Back in June last year, Trafalgar Square was brought to a standstill by black cab drivers protesting about a taxi app called 'Uber'. For one day they made their feelings known about the emerging service, which they said unfairly undercut them on prices and, as Uber didn't properly screen its drivers, was potentially unsafe for passengers.
Despite aiming to drum up awareness in the press, the journalists of Twitter were unsympathetic to their cause - some inconvenienced by the traffic, some just put out at the audacity of the protests. To give you an idea of the tone, it went like this:
How dare these men and women, who are essentially there to serve more important people like my friends and I, wield their power around like a half-empty pint glass in a tatty suburban pub? Good on Uber for having the initiative to offer competitive prices, after all, this is a hyper-global-financial-branded-buzzword-filled world we live in, and if you can't keep up, get out.
One of my co-workers, whose Dad is a cabbie, was called scum by a fellow journo because of it. I sat there reading the uppity brattishness from a privileged media set, many of whom I gather had never had a pint or a cuppa with a black cabbie in their life, God forbid be related to one, championing the services of Uber despite concerns raised by the cabbies about privacy, safety, and the conduct of Uber drivers. Registration rate for the app increased by 850% as a direct result of the kind of media coverage given to the protest.
How the tables have turned.
This week Uber's CEO Travis Kalanick became embroiled in controversy after one of his employees tracked the journey of a BuzzFeed journalist without her permission. This comes in the wake of the entrepreneur being heard to say he'd be willing to smear journalists in revenge for bad press. The backlash from the media has been swift and vicious:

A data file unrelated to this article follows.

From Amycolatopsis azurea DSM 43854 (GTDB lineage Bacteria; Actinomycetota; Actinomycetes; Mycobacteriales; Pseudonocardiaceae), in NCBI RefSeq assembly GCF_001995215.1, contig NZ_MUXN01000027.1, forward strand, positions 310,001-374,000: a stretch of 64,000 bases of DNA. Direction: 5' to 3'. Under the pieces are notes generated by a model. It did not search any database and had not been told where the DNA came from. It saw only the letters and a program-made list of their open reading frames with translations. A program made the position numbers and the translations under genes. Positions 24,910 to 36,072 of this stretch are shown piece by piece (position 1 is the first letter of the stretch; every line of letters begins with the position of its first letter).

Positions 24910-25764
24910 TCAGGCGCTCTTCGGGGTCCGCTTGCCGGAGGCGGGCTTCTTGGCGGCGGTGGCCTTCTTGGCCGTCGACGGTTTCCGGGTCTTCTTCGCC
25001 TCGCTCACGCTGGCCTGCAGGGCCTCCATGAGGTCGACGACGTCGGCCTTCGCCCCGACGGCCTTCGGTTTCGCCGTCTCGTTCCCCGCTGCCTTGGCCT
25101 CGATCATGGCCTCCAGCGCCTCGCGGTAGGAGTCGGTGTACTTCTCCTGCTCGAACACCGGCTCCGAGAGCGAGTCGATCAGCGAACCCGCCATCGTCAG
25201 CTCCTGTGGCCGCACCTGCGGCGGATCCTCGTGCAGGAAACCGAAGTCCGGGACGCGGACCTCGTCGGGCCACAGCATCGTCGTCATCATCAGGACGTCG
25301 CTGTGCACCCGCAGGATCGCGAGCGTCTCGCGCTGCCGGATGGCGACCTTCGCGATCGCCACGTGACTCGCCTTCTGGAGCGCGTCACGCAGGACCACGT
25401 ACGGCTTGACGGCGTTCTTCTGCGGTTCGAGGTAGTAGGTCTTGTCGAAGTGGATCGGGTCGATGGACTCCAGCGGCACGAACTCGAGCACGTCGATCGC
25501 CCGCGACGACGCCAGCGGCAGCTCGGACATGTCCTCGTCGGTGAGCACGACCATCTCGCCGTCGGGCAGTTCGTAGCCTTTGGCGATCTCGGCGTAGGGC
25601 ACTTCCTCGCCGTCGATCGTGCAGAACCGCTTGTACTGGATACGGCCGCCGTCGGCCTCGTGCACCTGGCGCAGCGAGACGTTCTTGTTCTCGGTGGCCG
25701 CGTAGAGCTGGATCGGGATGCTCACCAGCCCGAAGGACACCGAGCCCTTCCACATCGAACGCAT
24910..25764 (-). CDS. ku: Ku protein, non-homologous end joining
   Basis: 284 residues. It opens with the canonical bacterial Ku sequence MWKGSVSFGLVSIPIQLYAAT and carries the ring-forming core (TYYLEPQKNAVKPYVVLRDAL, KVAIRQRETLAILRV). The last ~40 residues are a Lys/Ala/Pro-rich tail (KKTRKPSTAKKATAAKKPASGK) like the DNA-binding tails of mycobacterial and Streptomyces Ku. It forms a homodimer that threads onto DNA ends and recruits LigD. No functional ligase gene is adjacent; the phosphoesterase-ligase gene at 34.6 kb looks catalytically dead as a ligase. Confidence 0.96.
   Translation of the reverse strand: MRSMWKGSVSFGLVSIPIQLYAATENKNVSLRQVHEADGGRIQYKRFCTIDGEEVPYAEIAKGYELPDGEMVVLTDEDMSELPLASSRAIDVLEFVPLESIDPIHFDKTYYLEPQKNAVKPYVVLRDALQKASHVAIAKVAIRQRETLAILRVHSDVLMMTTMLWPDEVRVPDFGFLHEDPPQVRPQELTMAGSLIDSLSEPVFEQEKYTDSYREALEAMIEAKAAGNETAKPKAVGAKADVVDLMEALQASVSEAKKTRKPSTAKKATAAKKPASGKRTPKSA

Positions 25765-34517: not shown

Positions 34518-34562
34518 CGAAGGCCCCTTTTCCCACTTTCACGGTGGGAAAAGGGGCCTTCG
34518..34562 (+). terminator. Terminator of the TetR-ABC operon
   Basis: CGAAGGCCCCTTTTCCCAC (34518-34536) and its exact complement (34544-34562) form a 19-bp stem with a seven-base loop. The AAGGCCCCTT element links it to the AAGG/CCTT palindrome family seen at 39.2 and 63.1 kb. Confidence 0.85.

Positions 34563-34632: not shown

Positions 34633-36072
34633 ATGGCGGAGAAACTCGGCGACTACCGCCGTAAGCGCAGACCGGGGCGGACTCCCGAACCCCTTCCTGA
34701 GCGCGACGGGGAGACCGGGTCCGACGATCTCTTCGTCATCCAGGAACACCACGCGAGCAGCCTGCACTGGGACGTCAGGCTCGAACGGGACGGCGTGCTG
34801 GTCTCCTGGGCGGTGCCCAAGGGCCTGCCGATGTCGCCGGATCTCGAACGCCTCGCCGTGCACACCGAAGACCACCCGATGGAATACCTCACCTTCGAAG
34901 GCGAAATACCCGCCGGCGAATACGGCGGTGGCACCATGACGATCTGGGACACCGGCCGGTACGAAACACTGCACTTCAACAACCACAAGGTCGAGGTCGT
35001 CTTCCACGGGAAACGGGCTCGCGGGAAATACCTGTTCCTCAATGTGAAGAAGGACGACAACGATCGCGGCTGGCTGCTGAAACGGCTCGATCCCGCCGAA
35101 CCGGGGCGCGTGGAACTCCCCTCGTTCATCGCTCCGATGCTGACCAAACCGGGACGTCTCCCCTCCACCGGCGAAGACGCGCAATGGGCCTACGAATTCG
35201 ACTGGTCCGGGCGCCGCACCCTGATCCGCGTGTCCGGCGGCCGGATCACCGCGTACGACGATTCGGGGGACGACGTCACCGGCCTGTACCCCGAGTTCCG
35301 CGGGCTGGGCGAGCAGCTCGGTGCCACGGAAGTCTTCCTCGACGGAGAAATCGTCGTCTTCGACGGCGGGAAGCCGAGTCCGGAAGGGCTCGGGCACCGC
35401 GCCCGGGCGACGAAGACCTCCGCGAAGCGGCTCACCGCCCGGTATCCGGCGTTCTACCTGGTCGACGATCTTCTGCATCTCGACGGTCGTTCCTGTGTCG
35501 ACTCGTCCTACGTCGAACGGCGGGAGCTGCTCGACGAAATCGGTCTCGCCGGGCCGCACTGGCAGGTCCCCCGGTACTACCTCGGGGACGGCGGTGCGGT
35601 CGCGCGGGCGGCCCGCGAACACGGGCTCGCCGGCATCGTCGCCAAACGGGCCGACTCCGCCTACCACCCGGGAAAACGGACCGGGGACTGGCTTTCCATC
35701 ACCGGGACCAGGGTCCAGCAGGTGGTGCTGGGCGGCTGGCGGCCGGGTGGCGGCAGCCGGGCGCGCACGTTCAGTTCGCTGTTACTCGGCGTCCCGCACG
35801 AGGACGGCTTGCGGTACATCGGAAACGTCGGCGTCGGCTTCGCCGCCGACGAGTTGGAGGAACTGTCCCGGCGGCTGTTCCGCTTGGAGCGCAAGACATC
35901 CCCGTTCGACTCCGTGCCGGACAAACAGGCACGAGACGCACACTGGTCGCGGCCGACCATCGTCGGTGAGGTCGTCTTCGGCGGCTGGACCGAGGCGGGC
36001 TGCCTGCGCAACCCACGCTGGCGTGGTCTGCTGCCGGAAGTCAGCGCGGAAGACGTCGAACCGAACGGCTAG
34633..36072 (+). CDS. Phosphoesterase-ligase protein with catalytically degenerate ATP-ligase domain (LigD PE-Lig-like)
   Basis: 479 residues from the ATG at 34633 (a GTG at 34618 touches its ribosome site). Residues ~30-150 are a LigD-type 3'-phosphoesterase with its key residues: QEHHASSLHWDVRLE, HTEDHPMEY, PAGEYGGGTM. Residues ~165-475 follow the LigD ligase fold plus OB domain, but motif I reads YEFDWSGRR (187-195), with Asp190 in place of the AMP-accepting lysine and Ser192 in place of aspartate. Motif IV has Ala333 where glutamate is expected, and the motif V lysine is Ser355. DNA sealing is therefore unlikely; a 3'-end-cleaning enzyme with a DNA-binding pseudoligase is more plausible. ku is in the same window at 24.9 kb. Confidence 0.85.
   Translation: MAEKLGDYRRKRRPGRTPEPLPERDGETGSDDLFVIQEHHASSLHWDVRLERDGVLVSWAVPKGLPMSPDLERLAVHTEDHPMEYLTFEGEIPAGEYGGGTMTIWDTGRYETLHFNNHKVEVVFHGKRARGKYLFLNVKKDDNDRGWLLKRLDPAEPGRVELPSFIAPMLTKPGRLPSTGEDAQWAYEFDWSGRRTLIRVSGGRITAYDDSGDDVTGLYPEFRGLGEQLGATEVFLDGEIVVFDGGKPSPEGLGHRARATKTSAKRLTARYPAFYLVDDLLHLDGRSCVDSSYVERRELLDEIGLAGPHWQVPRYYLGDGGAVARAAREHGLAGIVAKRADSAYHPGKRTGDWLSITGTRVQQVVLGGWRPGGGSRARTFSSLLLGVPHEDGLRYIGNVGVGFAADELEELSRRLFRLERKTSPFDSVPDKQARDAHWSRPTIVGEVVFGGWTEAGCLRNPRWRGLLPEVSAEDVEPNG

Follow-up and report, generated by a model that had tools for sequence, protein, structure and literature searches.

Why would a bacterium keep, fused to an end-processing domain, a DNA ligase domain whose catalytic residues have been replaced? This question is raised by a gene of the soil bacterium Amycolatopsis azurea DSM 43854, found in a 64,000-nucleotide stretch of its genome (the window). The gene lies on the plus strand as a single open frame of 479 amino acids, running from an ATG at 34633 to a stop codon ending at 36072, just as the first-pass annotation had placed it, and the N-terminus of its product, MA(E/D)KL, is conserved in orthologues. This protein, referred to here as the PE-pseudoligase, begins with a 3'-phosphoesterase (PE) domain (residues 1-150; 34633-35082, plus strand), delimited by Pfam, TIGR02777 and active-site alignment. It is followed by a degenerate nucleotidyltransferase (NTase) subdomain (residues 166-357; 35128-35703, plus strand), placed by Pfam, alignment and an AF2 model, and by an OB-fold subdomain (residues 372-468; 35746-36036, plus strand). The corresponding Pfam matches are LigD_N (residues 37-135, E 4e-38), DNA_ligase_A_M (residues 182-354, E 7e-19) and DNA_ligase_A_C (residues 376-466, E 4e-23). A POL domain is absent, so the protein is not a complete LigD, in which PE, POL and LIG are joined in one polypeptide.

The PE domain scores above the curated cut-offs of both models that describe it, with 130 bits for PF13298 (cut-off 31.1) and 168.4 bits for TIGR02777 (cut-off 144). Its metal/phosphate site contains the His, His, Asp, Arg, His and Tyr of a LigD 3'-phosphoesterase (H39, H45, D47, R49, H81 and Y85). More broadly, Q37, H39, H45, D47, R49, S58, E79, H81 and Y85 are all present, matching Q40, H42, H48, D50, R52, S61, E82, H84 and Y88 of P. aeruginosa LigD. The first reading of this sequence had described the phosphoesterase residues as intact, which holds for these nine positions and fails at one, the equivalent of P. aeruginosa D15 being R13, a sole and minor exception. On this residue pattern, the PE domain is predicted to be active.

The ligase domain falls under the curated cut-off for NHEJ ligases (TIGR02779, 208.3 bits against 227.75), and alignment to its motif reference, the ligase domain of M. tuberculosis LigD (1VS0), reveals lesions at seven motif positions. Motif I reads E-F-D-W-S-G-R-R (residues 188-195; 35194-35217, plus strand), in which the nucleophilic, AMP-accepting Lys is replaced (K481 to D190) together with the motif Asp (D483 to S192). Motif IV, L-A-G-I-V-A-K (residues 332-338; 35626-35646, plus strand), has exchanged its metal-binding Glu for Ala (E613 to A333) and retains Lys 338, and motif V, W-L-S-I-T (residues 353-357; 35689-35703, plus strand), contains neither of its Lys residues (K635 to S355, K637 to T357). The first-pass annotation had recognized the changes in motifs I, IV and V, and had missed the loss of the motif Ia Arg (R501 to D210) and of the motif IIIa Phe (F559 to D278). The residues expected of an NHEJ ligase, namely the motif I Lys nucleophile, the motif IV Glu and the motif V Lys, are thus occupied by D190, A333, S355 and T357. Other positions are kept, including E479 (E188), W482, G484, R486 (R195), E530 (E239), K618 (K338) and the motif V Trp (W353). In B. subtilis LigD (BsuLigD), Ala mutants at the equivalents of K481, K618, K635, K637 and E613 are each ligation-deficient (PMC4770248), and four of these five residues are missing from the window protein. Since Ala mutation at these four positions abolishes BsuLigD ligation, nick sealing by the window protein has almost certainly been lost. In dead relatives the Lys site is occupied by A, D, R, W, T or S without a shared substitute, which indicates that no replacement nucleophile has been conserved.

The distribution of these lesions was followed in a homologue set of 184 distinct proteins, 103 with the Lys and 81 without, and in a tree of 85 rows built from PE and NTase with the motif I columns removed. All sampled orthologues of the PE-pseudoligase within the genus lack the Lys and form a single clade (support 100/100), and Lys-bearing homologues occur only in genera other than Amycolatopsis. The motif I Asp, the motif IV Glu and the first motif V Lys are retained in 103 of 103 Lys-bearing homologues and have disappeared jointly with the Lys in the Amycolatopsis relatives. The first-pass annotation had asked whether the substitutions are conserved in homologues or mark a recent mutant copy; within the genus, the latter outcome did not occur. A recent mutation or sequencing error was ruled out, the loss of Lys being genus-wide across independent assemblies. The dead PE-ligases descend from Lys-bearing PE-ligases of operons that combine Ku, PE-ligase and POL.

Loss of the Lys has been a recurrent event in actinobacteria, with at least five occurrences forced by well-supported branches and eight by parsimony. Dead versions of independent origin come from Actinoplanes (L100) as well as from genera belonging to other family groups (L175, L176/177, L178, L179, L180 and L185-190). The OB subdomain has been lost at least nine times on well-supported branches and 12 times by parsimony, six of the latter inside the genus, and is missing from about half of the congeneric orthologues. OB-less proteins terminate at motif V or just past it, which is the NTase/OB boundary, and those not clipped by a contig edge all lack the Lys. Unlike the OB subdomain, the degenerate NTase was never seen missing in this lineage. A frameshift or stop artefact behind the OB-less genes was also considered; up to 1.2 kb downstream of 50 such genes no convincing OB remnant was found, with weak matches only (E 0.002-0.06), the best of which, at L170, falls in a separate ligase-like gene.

The Guardian - Is Uber The Worst Company In Silicon Valley?
Time Magazine: '7 Dead-Serious Uber Controversies That Somehow Didn't Sink The Company'
Vice: 'Why Uber is the Worst Thing Ever'
Some of these tweets are from those outside of Britain who may not have been aware of the original London protest, but the message is clear: your problems aren't real problems until they affect those in the media. If ever an example was needed of a self-obsessed industry's disconnect with the working people, it's this. Hypocrisy clearer than a yellow 'TAXI' light through the murky fog of journalism. Where were these people when the cabbies in Trafalgar Square were raising the same privacy concerns now experienced by 'important' people?
Is it any wonder Nigel Farage's anti-media stance resonates in places like Debden, Hornchurch or Waltham Cross? Where the driveways are dotted with black cabs and people who've felt that, no matter how loudly they've shouted, nobody's been listening? The kind of places some would only recognise from the front of a bus going past their London gastropub. Towns as abandoned by the mainstream press as the car parks in the post-war shopping centres after dark.
My mate once laughed as he told me he'd lost count of the number of conversations he's had with black cabbies who've moved from East London to Clacton, where he's from. Where was it that UKIP gained their first elected MP again? That's right, in that strange forgotten coastal town which soon became crawling with camera crews and eager young reporters looking for someone with an accent to give a good sound byte.
This should be a lesson to all in the media. Engaging with the Working Class doesn't mean dressing a rakish model in Stone Island and doing a photo shoot on an estate for a £10 fashion mag. It doesn't mean singing Roll Out the Barrel in a Hackney pub where storybook cockneys haven't lived for generations. It means taking an interest in peoples lives and treating their concerns as valid, even if they don't have as many Twitter followers as you or live in a town that lacks an artisan deli.
Even if you continue to ignore them, eventually they will be heard, and you might not like what they've got to say.